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Review

‘Slumdog Millionaire’ gives viewers a realistic portrayal of Indian living

José Cruz Jr.

February 12, 2009

The perception of India through the lens of American cinema is usually one of two things: the more developed and highly technological India or the devastating poverty of the slums.

Although we seem to encounter the image of the latter much more often, it’s the former that tends to bother us the least, and thus is the more popularly accepted. Director Danny Boyle bridges the gap between both worlds of Indian living in “Slumdog Millionaire,” and adds some much needed realism to portray the lives of its ‘slumdogs’.

After spending much of his life fighting to survive in the poverty-stricken parts of Mumbai, Jamal (Dev Patel) gets a chance to be a contestant on “Who Wants to be a Millionaire?”

He answers 10 million rupees worth of questions, until being tortured and interrogated under the suspicion that he is cheating. In order to justify his knowledge of the answers of each question, he tells stories of his childhood that include his brother, Salim (Madhur Mittal), the love of his life, Latika (Frieda Pinto), the exploitation of children (including himself) and local Muslim warfare, while each chapter of his childhood reveals how he knows the answers.

Jamal becomes a national hero of sorts (he is the first contestant to make it to a million rupee question) overnight, as the audience is made to wait until the next day for Jamal’s final question.

Hailed as one of the best films of 2008 by critics, Boyle definitely delivers such a film.  There is never a dull moment, as it moves at a swift pace with style and a thumping soundtrack.

But that does not mean that the lives of these poor children are romanticized.  Basically living in their own waste (I mean litter, of course), Jamal and his brother have a daily struggle to survive after their mother is killed in a Muslim riot.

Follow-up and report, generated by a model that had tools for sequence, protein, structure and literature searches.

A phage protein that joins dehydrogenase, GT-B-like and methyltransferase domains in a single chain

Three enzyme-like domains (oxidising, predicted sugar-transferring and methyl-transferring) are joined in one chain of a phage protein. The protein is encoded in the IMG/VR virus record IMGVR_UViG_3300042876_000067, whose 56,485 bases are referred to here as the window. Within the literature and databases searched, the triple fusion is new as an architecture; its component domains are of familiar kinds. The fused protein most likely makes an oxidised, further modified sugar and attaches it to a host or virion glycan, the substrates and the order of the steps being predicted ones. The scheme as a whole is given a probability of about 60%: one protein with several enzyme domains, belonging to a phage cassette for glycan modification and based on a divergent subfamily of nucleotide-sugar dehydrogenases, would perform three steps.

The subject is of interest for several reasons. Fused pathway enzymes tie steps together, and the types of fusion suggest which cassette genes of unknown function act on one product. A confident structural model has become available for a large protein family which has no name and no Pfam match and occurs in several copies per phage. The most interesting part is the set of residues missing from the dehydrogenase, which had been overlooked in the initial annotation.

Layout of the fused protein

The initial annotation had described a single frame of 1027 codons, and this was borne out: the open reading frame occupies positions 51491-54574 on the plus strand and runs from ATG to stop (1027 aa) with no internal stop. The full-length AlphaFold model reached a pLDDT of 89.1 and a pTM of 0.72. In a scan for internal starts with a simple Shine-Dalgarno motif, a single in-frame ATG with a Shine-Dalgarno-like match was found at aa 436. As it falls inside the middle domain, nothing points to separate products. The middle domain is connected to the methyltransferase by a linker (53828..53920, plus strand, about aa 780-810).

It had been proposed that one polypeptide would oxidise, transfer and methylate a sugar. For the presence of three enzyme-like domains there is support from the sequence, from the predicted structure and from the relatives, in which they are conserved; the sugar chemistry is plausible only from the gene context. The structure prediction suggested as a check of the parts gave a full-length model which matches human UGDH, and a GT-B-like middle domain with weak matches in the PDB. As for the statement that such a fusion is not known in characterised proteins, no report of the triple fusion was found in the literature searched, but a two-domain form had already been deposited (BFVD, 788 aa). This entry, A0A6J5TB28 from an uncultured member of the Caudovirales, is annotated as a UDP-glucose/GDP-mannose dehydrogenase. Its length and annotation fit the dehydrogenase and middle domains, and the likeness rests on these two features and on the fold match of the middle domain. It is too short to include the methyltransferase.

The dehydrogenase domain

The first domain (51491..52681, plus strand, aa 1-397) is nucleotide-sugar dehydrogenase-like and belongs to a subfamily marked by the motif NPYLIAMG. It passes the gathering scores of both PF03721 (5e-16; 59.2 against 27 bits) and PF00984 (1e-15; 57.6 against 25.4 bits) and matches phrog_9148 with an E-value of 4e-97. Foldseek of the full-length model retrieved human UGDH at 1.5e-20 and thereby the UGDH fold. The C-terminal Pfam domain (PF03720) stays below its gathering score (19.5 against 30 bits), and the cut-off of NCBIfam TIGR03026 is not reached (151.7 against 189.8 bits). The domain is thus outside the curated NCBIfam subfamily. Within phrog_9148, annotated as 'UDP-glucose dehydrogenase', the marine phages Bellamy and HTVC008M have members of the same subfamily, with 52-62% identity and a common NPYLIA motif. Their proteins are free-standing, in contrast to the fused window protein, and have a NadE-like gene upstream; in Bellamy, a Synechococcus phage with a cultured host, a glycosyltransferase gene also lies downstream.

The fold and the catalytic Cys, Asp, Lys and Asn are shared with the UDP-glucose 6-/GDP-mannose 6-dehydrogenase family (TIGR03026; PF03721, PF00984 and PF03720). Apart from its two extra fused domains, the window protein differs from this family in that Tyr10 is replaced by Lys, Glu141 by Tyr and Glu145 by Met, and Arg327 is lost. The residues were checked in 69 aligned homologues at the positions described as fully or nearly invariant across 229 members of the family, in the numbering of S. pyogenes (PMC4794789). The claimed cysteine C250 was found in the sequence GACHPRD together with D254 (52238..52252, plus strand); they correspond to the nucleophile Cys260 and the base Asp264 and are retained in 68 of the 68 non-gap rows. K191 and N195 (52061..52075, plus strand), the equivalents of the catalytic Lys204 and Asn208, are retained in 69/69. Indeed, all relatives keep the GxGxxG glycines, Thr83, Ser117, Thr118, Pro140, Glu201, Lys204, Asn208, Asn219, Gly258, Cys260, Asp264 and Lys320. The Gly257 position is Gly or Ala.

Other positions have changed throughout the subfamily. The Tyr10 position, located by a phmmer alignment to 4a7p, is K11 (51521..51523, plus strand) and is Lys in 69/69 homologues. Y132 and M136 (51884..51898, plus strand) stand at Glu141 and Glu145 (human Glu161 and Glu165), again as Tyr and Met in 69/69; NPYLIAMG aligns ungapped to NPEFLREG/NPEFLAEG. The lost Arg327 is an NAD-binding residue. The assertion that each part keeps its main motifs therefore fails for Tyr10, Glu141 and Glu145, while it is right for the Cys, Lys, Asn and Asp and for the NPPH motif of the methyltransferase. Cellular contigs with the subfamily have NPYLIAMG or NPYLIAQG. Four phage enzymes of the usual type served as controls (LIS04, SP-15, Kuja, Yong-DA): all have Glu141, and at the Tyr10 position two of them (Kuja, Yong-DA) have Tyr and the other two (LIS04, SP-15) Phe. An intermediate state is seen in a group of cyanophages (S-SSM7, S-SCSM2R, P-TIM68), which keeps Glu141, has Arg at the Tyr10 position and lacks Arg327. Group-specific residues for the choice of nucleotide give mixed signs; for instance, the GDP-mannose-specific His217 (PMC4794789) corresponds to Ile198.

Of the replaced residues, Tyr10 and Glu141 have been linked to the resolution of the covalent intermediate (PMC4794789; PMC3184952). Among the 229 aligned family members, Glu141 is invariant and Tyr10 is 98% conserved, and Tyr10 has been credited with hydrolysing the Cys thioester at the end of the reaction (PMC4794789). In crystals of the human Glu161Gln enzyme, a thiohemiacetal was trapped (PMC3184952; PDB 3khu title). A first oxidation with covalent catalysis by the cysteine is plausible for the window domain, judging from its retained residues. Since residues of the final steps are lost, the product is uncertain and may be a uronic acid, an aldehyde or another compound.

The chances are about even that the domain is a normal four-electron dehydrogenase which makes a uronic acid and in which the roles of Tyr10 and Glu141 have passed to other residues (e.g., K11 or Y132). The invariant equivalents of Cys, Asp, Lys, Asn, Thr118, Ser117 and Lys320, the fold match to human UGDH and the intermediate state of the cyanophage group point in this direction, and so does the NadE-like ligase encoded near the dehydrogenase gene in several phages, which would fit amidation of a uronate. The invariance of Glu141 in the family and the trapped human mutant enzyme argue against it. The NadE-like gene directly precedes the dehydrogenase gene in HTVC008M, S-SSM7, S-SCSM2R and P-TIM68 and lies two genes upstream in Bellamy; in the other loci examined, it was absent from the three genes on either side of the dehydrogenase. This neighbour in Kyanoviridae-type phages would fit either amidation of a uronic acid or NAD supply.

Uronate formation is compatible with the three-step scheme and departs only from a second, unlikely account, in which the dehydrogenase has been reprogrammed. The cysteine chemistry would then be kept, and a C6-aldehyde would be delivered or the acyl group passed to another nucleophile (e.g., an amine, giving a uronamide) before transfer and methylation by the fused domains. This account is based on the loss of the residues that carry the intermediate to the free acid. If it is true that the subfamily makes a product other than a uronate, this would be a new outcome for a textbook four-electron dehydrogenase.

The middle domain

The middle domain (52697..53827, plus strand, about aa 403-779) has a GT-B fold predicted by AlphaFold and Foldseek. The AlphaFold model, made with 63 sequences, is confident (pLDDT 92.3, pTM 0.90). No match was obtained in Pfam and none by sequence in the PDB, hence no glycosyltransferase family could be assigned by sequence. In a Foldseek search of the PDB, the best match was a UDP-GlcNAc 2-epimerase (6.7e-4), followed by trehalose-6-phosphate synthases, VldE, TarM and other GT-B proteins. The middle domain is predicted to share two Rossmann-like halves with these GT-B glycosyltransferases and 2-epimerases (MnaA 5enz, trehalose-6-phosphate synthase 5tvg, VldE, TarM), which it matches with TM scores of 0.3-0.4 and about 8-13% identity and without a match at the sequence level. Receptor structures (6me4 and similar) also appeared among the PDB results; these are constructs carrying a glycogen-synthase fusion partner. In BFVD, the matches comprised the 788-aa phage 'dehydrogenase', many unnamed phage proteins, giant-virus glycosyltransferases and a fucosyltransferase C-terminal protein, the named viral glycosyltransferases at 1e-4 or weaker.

Their lives descend into begging, which quickly turns into crime, until the two brothers part ways. This is where the comparison of lifestyles kicks in, as Jamal enters the working-class, advanced world and Salim becomes a soldier for a crime boss.

Skeptics like myself will no doubt find the major flaw at work here. “Slumdog” depends greatly on the idea of destiny, in that somehow Jamal’s life seems to play out chronologically in relation to the questions on the aforementioned game show.  Throughout the course of his life, Jamal and Latika meet again on several occasions, and attribute this to destiny and fate. If you find no fault in this aspect, then this might turn out to be a nearly perfect film. But again, I am a cynic, and find some complications.

With all that said, this is still an enthralling film.  Boyle managed to put together an effective blend of suspense, drama, violence, social and philosophical commentary and romance. Although at its core it is a formulaic rags-to-riches romance story, “Slumdog Millionaire” has enough style and heart to make a fresh and engaging flick.

3.5 stars out of 5

José Cruz Jr. is a student at the University of Wisconsin-River Falls.

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